The situation has steadily improved for Olly Knights and Gale Paridjanian over their short careers. The British duo nabbed themselves a Mercury Prize nomination in 2001 for their debut, The Optimist LP, successfully avoided the sophomore slump with 2003's Ether Song, and were even able to write off their world travels on their taxes as "business expenses." Things are all right in Turin Brakes land. And those good vibes slather their sparkling jubilation all across JackInABox, making it a superb soundtrack for a summer barbecue this is background music you'll have no qualms about talking over.
Where Ether Song saw the Brakes using the studio to coolly and deliberately expand on the acoustic simplicity of their debut, the busy compositions on JackInABox border on studio abuse. "Asleep With the Fireflies" could have been enjoyable if they hadn't assaulted the chorus with meowing keyboards from 1978. Dense instrumentation or use of a full band isn't a crime in itself, but the apparent reliance on those devices strips the character from these tunes.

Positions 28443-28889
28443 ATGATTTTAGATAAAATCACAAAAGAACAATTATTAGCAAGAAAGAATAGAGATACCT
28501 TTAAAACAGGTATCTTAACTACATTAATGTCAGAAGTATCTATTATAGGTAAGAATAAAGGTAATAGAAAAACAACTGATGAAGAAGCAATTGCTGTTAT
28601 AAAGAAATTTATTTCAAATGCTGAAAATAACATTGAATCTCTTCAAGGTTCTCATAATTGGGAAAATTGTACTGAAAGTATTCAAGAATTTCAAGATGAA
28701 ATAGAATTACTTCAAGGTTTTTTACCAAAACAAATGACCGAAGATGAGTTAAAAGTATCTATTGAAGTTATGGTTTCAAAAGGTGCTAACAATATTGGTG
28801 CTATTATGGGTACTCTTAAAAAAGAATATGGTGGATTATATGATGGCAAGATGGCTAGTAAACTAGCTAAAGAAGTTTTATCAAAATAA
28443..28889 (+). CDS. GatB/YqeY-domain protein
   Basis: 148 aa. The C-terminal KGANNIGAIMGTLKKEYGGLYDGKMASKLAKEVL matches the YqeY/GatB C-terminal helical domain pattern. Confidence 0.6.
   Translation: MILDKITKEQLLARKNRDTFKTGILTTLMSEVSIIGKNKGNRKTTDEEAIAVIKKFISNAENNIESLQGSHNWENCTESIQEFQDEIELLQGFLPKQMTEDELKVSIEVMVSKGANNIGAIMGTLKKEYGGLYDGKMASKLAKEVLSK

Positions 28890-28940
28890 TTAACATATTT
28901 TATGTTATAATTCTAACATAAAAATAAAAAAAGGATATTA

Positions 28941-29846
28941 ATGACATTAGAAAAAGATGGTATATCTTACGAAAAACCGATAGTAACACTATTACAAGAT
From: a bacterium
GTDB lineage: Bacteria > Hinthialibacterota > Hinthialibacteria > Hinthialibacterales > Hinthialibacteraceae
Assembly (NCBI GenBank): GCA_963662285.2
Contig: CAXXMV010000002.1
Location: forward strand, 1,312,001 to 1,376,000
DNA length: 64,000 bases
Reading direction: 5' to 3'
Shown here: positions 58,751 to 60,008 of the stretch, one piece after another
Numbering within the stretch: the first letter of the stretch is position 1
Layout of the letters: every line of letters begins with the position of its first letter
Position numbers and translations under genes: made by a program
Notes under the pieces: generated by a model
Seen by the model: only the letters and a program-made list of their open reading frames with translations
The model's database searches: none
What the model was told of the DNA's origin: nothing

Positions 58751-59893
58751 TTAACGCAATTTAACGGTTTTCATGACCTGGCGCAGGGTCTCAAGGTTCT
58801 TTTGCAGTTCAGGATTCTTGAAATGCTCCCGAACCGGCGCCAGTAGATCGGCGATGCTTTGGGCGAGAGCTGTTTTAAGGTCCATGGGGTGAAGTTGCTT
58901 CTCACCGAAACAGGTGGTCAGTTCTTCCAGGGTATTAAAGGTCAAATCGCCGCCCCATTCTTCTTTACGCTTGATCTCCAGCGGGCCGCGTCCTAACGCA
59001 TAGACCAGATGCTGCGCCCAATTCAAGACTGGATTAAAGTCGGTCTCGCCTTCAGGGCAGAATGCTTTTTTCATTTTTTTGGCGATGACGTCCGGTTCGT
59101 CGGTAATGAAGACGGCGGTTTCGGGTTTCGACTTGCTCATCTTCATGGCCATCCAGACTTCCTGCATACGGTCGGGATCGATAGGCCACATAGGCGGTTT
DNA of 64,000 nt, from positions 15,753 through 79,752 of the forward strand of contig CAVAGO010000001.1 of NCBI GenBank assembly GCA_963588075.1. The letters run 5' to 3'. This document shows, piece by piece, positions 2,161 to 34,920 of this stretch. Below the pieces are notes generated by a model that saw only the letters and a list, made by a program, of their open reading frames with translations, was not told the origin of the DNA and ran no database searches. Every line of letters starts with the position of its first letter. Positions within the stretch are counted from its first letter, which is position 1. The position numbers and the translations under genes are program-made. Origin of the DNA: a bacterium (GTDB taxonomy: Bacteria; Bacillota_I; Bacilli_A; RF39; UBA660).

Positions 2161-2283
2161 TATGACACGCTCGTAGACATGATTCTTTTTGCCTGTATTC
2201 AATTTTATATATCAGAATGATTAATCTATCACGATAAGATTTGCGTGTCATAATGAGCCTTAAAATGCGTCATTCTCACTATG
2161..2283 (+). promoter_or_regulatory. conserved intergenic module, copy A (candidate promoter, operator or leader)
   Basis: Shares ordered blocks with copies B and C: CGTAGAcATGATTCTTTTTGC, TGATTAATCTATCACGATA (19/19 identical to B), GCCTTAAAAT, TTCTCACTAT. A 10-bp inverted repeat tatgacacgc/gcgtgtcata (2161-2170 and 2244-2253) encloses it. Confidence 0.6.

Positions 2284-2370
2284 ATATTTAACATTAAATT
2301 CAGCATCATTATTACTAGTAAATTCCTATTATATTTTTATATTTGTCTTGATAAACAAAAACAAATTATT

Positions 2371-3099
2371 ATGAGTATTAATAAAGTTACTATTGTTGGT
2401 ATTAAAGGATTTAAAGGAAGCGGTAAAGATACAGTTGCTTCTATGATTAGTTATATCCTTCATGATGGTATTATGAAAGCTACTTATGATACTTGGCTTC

So it's not a shock to find that "Road to Nowhere," the album's clear highlight, bears a keen resemblance to the material from Optimist. Lilting harmonies and Paridjanian's emotive slide guitar delicately filled that record's 3/4 time signatures, and even when they got peppy on Ether Song ("Pain Killer" instantly comes to mind), they found a way to distinguish their songs from one another (in this case, a broken riff with a little palm mute) -- and more important, everyone else's. But here, we're left with some modern lite-rock that echoes most similar fare on your local "alternative" radio station.
Turin Brakes' expansive and more daring previous work held an encouraging arc that promised risks and excitement, but JackInABox, while a pleasant listen, fails to cash in on that potential, and is unfortunately a step back for the talented duo. Maybe this is just a breather for them, a rest stop where they sit back, crank out a few inoffensive tunes, and gear up for the next challenge. In fact, that almost has to be the case, because they're certainly capable of much more than this.
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